Start at level 1 with your gnome evoker - and see what happens. There will be a lot of things released in the coming year - and a lot of story that unfolds in your campaign - so worry about the future when you get there. Incidentally, I've been thoroughly enjoying a deep gnome enchanter for a couple years in a slow moving campaign. He is a pleasure to play - and I've never considered...
    41 replies | 1108 view(s)
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  • jgsugden's Avatar
    Sunday, 6th January, 2019, 11:57 PM
    Suggestion: Always check to see how old a thread is before responding. This is not to say you can't respond to an ancient comment, but it is usually a waste as opinions may change or people may have left. This conversation burned out 10 months ago.
    1204 replies | 256872 view(s)
    2 XP
  • jgsugden's Avatar
    Sunday, 6th January, 2019, 11:08 PM
    The end result is the same - more variation in spellcasting.
    38 replies | 862 view(s)
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  • jgsugden's Avatar
    Sunday, 6th January, 2019, 11:06 PM
    Mercer may have had some inside information that pirates were an emphasis for 2019... but I doubt he cared or changed anything in his plans if he did know. Look at his history - he is not beholden to WotC in any when when it comes to running his game. He runs his game like most DMs do - by crafting the story he wants to lead and watching his players randomize those plans like crazy.
    223 replies | 7640 view(s)
    3 XP
  • jgsugden's Avatar
    Sunday, 6th January, 2019, 10:04 PM
    You can go old school and just deny your PCs the chance to learn some spells. Some examples of this idea: For example, when a wizard gains a level and gets 2 spells, they have to roll an intelligence check for each with a DCof 15+spell level. if they fail, they can't learn the spell for a number of levels equal to the amount by which they failed the check. They can immediately attempt again...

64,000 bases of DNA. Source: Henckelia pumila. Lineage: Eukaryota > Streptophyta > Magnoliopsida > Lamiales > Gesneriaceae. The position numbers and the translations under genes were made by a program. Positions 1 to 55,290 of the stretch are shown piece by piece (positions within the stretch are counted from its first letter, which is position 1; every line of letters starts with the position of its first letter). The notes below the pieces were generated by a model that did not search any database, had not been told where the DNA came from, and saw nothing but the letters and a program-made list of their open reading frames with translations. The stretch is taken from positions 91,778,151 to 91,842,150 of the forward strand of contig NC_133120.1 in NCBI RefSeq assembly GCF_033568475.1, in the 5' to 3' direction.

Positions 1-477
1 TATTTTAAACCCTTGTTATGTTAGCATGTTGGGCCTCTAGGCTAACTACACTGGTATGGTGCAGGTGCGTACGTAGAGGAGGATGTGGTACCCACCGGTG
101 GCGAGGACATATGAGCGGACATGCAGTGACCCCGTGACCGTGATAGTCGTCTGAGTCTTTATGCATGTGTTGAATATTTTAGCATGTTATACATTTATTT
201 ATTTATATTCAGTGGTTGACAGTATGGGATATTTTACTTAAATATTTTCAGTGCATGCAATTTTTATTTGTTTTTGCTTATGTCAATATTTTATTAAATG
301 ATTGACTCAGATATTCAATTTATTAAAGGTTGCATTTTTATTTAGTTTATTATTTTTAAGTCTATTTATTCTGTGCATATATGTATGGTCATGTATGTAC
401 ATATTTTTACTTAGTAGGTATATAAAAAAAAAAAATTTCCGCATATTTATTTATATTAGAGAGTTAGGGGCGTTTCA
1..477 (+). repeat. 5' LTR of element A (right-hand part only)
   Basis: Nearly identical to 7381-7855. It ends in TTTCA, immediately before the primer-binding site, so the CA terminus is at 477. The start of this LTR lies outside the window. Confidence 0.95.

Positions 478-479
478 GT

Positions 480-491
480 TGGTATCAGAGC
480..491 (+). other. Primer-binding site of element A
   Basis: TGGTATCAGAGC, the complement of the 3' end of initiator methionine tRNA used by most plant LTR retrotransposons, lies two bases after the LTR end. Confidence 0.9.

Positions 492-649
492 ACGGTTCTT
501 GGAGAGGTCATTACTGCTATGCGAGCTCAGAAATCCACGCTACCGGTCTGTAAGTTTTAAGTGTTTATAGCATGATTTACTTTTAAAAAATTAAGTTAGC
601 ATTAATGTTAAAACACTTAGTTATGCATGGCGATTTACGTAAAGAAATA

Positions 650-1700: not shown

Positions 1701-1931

38 replies | 862 view(s)
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  • jgsugden's Avatar
    Sunday, 6th January, 2019, 05:32 PM
    I remember saying that about $2000 of minis ago....
    18 replies | 748 view(s)
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  • jgsugden's Avatar
    Sunday, 6th January, 2019, 05:16 PM
    They tweak the rules as they see necessary in their errata. See the recent changes to animal companions, for example. However, they don't think the rules need substantial changes. Nor do I. I would have designed a few things a bit differently, but that does not mean the same thing as them needing to change... The game is designed so that efficient, but not optimized, PCs can succeed...
    97 replies | 3474 view(s)
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  • jgsugden's Avatar
    Saturday, 5th January, 2019, 11:27 PM
    So your thought is that a recent Critical Role adventure magically caused WotC to plan a pirate themed set of products a couple years ago? Uhhh..... Because development on this stuff is a long process.... And there are a few streamed games that are dungeon delves, including a few going through recent WoTC products.
    223 replies | 7640 view(s)
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  • jgsugden's Avatar
    Saturday, 5th January, 2019, 11:11 PM
    Depending upon the type of dance, it would be ok for her to have a wand, or rod, to use as an implement. They are not inherently magical in 5E.
    19 replies | 568 view(s)
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  • jgsugden's Avatar
    Saturday, 5th January, 2019, 05:50 PM
    jgsugden started a thread Gargantuan Giants
    I'm looking to add a few Titans to my miniatures collection and thought I'd ask for suggestions. However, there are few options out there and they all seem expensive. Ideally, these Titans would be: 1.) Gargantuan in size (standing about 10 to 12" tall), 2.) Would look good amongst typical giants without massive repainting, and 3.) Would not cost an arm and a leg. The Rune Giant from...
    0 replies | 163 view(s)
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  • jgsugden's Avatar
    Saturday, 5th January, 2019, 01:15 AM